GitHub and US Government Developers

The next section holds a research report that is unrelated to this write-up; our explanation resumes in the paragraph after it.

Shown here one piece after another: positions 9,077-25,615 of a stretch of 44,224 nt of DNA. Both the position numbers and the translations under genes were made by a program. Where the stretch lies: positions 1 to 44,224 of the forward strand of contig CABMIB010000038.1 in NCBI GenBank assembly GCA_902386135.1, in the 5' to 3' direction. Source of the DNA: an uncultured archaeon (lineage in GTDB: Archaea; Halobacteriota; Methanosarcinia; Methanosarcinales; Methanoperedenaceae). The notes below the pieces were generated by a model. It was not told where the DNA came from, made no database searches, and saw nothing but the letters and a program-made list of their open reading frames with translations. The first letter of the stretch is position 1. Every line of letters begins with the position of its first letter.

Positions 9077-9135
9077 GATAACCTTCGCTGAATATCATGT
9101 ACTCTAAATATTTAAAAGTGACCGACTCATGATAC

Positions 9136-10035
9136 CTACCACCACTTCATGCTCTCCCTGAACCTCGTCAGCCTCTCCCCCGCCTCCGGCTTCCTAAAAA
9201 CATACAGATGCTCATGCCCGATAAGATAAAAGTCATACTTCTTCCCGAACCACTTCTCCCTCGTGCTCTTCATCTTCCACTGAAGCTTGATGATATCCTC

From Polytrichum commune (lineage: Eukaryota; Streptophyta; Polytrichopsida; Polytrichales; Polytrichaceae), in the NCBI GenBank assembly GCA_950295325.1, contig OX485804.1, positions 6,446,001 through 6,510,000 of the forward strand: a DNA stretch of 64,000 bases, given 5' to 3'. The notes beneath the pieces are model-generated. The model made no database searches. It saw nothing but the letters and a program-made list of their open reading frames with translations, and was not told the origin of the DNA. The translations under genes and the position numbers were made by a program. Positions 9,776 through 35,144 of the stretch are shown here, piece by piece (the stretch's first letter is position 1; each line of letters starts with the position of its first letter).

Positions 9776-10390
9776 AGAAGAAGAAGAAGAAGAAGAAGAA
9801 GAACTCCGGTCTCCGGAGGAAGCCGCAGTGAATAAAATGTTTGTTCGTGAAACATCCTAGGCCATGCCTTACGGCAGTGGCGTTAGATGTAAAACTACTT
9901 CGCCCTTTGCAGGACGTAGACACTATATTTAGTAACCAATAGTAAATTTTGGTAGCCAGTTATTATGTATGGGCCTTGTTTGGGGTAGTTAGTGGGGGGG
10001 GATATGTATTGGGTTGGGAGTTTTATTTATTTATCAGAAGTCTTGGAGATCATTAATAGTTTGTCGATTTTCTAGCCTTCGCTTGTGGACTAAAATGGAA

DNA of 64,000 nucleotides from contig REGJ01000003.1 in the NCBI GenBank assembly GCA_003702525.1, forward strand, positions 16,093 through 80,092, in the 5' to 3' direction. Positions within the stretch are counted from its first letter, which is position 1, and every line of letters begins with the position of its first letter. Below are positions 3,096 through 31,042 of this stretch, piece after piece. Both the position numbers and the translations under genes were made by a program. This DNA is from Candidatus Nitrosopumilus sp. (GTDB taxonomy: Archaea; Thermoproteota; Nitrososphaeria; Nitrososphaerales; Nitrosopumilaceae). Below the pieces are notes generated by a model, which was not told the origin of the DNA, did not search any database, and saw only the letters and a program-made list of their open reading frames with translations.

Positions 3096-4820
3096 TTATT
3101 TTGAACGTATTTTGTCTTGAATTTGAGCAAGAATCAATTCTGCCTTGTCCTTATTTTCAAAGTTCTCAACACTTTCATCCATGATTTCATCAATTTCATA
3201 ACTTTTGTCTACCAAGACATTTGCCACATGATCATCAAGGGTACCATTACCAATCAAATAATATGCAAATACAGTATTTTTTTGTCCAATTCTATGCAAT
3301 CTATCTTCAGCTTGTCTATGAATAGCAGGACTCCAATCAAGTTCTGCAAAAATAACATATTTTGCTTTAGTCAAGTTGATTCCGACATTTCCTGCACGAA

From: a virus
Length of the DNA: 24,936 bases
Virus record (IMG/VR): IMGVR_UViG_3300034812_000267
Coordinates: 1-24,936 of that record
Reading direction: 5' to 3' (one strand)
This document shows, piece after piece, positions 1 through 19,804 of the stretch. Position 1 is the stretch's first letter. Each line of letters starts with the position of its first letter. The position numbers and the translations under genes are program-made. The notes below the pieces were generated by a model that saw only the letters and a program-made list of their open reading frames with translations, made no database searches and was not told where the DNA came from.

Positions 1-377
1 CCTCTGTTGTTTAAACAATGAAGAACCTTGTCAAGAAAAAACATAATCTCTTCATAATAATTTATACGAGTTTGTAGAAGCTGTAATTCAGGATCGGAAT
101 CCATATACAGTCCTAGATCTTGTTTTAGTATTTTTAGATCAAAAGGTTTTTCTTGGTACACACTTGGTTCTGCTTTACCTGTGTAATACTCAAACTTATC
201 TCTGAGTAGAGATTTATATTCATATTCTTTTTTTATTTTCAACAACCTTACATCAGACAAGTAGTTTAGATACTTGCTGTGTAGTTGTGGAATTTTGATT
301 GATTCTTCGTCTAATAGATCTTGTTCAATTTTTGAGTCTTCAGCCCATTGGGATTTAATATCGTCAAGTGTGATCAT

At GitHub, we believe in empowering developers around the world. We also believe in basic human rights and treating people with respect and dignity. Today, I wanted to share a message I sent to all employees yesterday that is related to this, as it is important that we share our views on immigration policy with the world and not just internally with employees. Hubbers, In August, the GitHub leadership team learned about a pending renewal of our product by the U.S. Immigration & Customs Enforcement (ICE) agency. Since then, we have been talking with people throughout the company, based on our own personal concerns and those raised by Hubbers. This topic is important to me and the rest of the GitHub leadership team. I wanted to connect with you directly and share details on what we know about this purchase, and the principles by which we make decisions in these areas. In April 2016, the Immigration & Customs Enforcement (ICE) agency began the process to purchase a license of GitHub Enterprise Server. Both the original purchase, as well as the recent renewal, were made through one of our reseller partners. The revenue from the purchase is less than $200,000 and not financially material for our company. The license that was purchased is for GitHub Enterprise Server, which is our on-premises product. GitHub does not have a professional services agreement with ICE, and GitHub is not consulting with ICE on any of their projects or initiatives. GitHub has no visibility into how this software is being used, other than presumably for software development and version control. Like many Hubbers, I strongly disagree with many of the current administration’s immigration policies, including the practice of separating families at the border, the Muslim travel ban, and the efforts to dismantle the DACA program that protects people brought to the U.S. as children without documentation. The leadership team shares these views. These policies run counter to our values as a company, and to our ethics as people. We have spoken out as a company against these practices, and joined with other companies in protesting them. You can read our public statements in the Keep the Families Together Act letter, the Muslim travel ban amicus briefs, and the DACA business leaders letter of support. We also joined an amicus brief last year to protect Sanctuary Cities. Our parent company, Microsoft, has also publicly opposed these same policies. Microsoft is the sole business that is a direct plaintiff in the litigation that will be heard by the United States Supreme Court next month challenging the rescission of the DACA program. Microsoft has a long history of advocating for migrants and immigration law reform. Microsoft CEO Satya Nadella has spoken passionately about his own experience as an immigrant to the United States, and how Microsoft has consistently stood up for immigration policies that preserve every person’s dignity and human rights, and advocated for change. We should be proud of all these steps GitHub and Microsoft have taken. ICE is a large government agency with more than 20,000 employees that is responsible for many things. While ICE does manage immigration law enforcement, including the policies that both GitHub and Microsoft are on record strongly opposing, they are also on the front lines of fighting human trafficking, child exploitation, terrorism and transnational crime, gang violence, money laundering, intellectual property theft, and cybercrime. In approaching the topic of government purchases, we use the same overarching policy framework as Microsoft: First, we recognize that ICE is responsible for both enforcing the US immigration policies with which we passionately disagree, as well…

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